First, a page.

Prof. Schauer: Coercion as/and the Concept of Law
Herr Prof. Frederick Schauer (University of Virginia)
wird am 8. Juni 2011 um 18 Uhr c.t.
im Sitzungssaal der Rechtswissenschaftlichen Fakultät,
KG II, 4. OG, Raum 2408
Coercion as/and the Concept of Law
Frederick Schauer ist David and Mary Harrison Distinguished Professor of Law an der University of Virginia. Zuvor war er 18 Jahre als Professor of First Amendment an der John F. Kennedy School of Government der Havard University und als Professor of Law an der University of Michigan tätig. Er war außerdem Gründer und Co-Editor der Fachzeitschrift “Legal Theory”, Vize-Präsident der American Society of Political and Legal Philosophy und Vorsitzender des Commitee on Philosophy and Law. Zu seinen Werken zählen “The Law of Obscenity“ (1976), “Free Speech: A Philosophical Enquiry” (1982), “Playing By the Rules: A Philosophical Examination of Rule-Based Decision-Making in Law and Life” (1991), “Profiles, Probabilities and Stereotypes (2003), “Thinking Like a Lawyer: A New introduction to Legal Reasoning” (2009).
Mehr zu Frederick Schauer
Until the publication of H.L.A. Hart’s The Concept of Law fifty years ago, it was widely accepted that a central feature of law was its coercive power. Unlike the norms and rules of games, morality, and etiquette, for example, the norms and rules of law were backed by the power of the state, legitimately, to punish those who violated them. Thus, the overwhelming view of legal theorists, including Bentham, Austin, and Kelsen, most prominently, was that coercion was a key component of law itself.
In Hart’s attack on Austin, and thus on Bentham, Kelsen, and many others, he sought to show that law was about the union of primary and secondary rules, and about the internalization of the master secondary rule, the ultimate rule of recognition, by legal officials. Coercion played no part in the story, and for Hart and countless of his successors, especially in Anglophone analytic jurisprudence, coercion, because it is not strictly logically necessary for the existence of law on Hart’s account, could not be part of the concept of law.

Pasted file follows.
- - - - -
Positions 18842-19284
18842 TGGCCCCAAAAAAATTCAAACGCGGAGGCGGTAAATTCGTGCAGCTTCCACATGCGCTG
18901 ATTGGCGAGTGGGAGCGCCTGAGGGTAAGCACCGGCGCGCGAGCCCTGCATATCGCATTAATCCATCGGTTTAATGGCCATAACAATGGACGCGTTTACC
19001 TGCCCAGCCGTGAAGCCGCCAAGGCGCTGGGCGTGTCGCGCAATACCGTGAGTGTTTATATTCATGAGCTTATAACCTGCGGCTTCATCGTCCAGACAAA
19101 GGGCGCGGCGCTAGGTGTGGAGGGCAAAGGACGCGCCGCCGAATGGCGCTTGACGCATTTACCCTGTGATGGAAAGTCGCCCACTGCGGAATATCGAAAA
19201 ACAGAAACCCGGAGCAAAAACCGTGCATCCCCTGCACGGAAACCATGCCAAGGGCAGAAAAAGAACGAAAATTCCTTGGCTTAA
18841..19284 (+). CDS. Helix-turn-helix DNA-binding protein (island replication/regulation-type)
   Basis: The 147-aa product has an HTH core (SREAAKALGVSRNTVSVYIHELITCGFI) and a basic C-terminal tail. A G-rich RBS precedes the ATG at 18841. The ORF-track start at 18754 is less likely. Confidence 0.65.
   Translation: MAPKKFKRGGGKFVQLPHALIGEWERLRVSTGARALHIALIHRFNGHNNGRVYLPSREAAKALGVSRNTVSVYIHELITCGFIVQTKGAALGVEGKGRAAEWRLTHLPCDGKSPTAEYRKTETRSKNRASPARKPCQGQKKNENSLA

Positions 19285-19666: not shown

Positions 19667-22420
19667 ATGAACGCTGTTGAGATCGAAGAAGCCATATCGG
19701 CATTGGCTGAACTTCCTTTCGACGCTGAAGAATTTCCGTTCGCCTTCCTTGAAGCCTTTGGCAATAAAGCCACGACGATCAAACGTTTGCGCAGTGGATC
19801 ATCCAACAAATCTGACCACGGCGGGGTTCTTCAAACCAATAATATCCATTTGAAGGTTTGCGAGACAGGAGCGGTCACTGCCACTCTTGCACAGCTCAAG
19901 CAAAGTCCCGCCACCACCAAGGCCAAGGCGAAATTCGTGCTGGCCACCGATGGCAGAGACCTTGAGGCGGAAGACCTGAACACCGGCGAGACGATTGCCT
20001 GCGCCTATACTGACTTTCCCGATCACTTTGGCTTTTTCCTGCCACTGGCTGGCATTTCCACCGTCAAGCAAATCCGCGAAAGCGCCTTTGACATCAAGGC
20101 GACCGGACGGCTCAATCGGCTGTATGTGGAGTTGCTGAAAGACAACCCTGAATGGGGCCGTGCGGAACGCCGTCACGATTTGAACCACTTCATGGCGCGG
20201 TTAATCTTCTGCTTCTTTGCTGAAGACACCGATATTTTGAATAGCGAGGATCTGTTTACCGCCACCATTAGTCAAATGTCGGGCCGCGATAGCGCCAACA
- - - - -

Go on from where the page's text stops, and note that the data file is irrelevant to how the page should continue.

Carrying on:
This project is an attempt to place coercion back in the center of legal philosophical thinking. Even if Hart is correct in imagining a possible legal system in a possible world in which coercion is not present, it is surely not irrelevant that all real legal systems employ coercion, and that coercion remains the principal characteristic distinguishing legal systems from other norms systems. To move from the prevalence of coercion to the claim that coercion remains the central feature of law itself, however, requires establishing, first, that the nature of law is better captured by its typical truths than by its logically necessary ones, and, second, that the conceptualization of a human artifact such as law is better understood as a cluster or family resemblance concept than through a set of individually necessary and jointly sufficient conditions.
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